For these reasons and many others in various industries, vacuum systems are not an uncommon occurrence.
In most ways, vacuum pressure and gauges resemble positive pressure pneumatic systems. However, in a normal system, a pressure of 100 psi would be fairly straightforward - 100 psi more than the outside ambient air. (Other articles already address the difference between absolute and gauge pressure) Vacuum pressures can be stated in one of two ways.
First, a vacuum gauge will most likely show how much pressure the generator is currently developing. This value would increase as the generator power is increasing, and depending on what type of generator is used. The value would begin at 0 psi and increase until it reaches a theoretical limit of 14.7 psi, the same as atmospheric pressure.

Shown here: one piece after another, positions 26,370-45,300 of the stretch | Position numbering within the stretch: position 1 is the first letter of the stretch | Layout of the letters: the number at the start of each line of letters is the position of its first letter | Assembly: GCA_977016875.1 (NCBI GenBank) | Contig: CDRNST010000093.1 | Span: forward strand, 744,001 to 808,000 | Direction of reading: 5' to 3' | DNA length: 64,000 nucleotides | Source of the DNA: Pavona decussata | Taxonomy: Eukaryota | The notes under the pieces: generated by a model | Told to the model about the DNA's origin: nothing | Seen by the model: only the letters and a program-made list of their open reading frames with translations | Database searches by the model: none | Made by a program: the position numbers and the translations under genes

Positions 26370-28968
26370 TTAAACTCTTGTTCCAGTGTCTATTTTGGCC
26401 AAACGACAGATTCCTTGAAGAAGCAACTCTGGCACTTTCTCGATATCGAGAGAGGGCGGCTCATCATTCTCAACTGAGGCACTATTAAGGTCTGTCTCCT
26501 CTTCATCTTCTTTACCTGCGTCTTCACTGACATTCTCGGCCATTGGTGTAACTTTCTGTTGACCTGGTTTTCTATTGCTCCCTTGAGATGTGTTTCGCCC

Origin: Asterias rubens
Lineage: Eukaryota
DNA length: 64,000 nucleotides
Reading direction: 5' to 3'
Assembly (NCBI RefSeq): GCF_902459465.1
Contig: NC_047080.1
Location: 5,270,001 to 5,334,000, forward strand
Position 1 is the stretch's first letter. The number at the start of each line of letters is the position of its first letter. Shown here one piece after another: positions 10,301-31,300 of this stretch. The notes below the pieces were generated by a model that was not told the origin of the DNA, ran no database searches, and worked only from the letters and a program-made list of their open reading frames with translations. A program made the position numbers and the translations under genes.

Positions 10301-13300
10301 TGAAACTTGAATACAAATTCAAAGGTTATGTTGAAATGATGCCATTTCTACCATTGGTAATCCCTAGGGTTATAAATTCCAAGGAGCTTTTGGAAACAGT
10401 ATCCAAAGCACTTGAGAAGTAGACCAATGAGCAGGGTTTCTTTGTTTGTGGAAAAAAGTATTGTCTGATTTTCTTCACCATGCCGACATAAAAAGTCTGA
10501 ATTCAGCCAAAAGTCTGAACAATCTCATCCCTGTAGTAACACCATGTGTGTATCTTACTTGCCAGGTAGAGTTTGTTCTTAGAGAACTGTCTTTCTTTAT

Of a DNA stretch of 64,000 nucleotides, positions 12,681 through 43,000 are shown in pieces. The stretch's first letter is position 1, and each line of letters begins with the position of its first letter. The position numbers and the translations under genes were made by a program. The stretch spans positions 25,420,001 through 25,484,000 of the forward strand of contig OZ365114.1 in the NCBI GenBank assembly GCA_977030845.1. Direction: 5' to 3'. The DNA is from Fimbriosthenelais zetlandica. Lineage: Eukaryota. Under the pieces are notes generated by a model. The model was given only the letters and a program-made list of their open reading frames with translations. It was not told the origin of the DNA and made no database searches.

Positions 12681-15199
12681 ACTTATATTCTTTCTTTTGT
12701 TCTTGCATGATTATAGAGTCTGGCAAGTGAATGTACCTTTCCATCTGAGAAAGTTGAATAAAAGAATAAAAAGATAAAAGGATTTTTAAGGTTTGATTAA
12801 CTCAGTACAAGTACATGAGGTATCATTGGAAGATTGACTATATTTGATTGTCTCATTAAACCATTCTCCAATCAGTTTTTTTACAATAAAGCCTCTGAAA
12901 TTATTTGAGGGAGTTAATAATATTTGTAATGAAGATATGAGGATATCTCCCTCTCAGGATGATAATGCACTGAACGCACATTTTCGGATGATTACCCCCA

Since pressure is the interaction of air molecules, the limit of all vacuum pressure is when no air molecules exist within the space. You cannot achieve less than zero air molecules, so once all of the ambient air pressure has been removed, no more vacuum can be created. In other units, this limit is comparable like this (approximate values):
1 atmosphere = 14.7 psi = 101,000 Pa = 101 kPa, = 29.9 in Hg = 1 bar = 1000 mbar
A gauge that displays the vacuum must be a specifically designed type - most typical gauges will show 0 when the line is disconnected, and they don’t have any values less than 0. Most vacuum specific gauges will have the 0 value on the right side rather than the left. So the value will appear to drop as the developed vacuum gets stronger, but this is actually true - the pressure is dropping.